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'A crisis:' High schools' mental health resources strained

'A crisis:' High schools' mental health resources strained

Billings high schools each got a new counselor who specializes in mental health this winter. And their caseloads are already full.

In some ways, that’s a good thing, Skyview counselor Tina Boone said. It reflects that more students are willing to seek help for an often-stigmatized health problem. But one counselor per school isn’t enough, she said.

Six Skyview students attempted suicide last week, according to school records. And that’s only the number of students that school officials know about.

“I’m more worried about the kids who attempt, and then boom, they show up at our school Monday morning,” said Boone, who heads Skyview's guidance department. “We don’t know; teachers don’t know.”

That was an unusually high figure for Skyview, she said. But it illustrates why School District 2 is asking for funding for two more positions as part of a levy up for a vote this spring.

Nationwide, schools provide more mental health services than any other outlet, said Billings Clinic Pediatric and Adolescent Psychiatrist Eric Arzubi. In part, it’s a more accessible and less obtrusive environment.

“The chances of someone seeking out and getting help is much higher in a school building than in a community setting,” Arzubi said.

Arzubi, who’s well-versed in mental health statistics, nearly fell out of his chair when he heard Skyview’s weekly suicide attempt figure.

“The fact that (new counselors) filled up in four months — kind of important to note,” he said. “This is a crisis.”

District officials have said that their options are maxed out, from a budget standpoint. Without the levy they can’t hire any more specialized staff. In Montana, school districts that want to increase budgets about state-mandated minimums have to ask local taxpayers to raise taxes. Maximum budgets are also capped by the state.

“I guess in the end, as a community, you have to decide if you want to stay on the offensive or defensive,” Arzubi said.

Wider problem

It’s not just struggling students who deal with mental health problems.

Boone had a group of high-achieving students who regularly ate lunch in her office eight years ago and found conversations about school pressures "astonishing."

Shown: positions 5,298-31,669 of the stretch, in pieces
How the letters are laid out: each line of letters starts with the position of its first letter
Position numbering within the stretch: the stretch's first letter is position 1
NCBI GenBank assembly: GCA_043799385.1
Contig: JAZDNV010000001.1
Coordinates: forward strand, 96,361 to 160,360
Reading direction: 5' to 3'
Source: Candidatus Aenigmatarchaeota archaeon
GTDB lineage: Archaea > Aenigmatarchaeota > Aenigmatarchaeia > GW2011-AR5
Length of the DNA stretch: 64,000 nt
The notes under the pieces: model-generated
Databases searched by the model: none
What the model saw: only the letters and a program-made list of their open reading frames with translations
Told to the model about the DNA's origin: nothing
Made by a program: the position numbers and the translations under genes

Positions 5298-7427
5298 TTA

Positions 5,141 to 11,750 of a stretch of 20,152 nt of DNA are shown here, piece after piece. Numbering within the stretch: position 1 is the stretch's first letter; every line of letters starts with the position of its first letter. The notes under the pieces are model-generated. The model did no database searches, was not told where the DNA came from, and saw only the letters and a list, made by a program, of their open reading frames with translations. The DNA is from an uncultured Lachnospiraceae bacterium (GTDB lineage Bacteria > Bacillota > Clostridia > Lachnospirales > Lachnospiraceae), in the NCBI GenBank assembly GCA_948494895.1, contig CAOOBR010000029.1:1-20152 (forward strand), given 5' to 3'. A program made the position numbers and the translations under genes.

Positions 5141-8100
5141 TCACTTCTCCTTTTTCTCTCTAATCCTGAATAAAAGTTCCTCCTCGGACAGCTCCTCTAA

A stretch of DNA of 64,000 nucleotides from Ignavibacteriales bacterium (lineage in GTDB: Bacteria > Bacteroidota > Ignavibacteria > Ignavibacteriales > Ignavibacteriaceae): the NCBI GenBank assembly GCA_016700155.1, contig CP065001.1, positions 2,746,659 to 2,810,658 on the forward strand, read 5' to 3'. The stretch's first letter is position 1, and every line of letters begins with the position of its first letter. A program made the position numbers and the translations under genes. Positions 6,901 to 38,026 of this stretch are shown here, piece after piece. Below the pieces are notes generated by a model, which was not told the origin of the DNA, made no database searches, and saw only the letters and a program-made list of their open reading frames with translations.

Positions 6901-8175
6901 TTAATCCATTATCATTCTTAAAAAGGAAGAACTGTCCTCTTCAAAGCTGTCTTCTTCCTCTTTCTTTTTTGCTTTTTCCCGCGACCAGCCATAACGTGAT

“They always kind of forget that you’re there,” she said. “They really had no clue how to go about relieving that stress or dealing with it.

“They literally are taking all their energy, smiling and pretending that everything is fine, but then they go home and they crash.”

About half of the U.S. population will develop a mental illness at some point in their lifetime, according to the CDC. About half of those cases begin by age 14. And about half of students 14 and older with a mental illness drop out of school, according to the National Institute of Mental Health

A 2015 survey of Montana high school students showed that almost 9 percent of students attempted suicide and almost 20 percent of students seriously considered it.

“To think that this only is (an issue) of these clusters of suicide, no. To think that this only is (an issue) of violence, no,” Arzubi said.

When problems manifest themselves in ways like anxiety causing stomach aches, students can miss class. Behavioral problems stemming from aggression can land students in detention.

“On a whole, mental illness does negatively impact school performance,” Arzubi said.

Specialized counselors offer more help than what a typical guidance counselor is trained to, and they typically handle a caseload of about 30 or 40 students.

Skyview mental health counselor Erin Bratsky, who was hired in January, said that she usually tries to meet with a student for a time as long as a class period.

Traditional guidance counselors are supposed to focus on things like scheduling, career planning and testing.

“We can help them with some things, but we don’t do therapy,” Boone said.

“I think that demand for mental health (resources) is beyond what one therapist can do here,” Bratsky said.

Community issue

It can be more difficult for parents to accept that their kids need help than it is for kids.

“I think sometimes it’s the adults in their lives that just tell them to suck it up,” Boone said.

While many parents are proactive, some won’t even take children to the hospital after a suicide attempt.

“If your kid has a heart attack, do you not take them to the hospital?” Arzubi said.

The Yellowstone Youth Crisis Network, a collaboration between several community groups, works to coordinate resources. A coordinator for the network, housed in SD2’s administrative building, works with students and families to connect them with resources before a problem becomes a crisis.

SD2 opened its first school-based health clinic at Orchard Elementary this year, which Arzubi visits. It’s a model more popular in several other states, and a host of research calls for additional mental health resources in schools.

For now, SD2’s resources are tapped out, officials said.

“You can’t take care of everything that you need to,” Boone said. “You need more bodies.”



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Education Reporter

Education reporter for the Billings Gazette.

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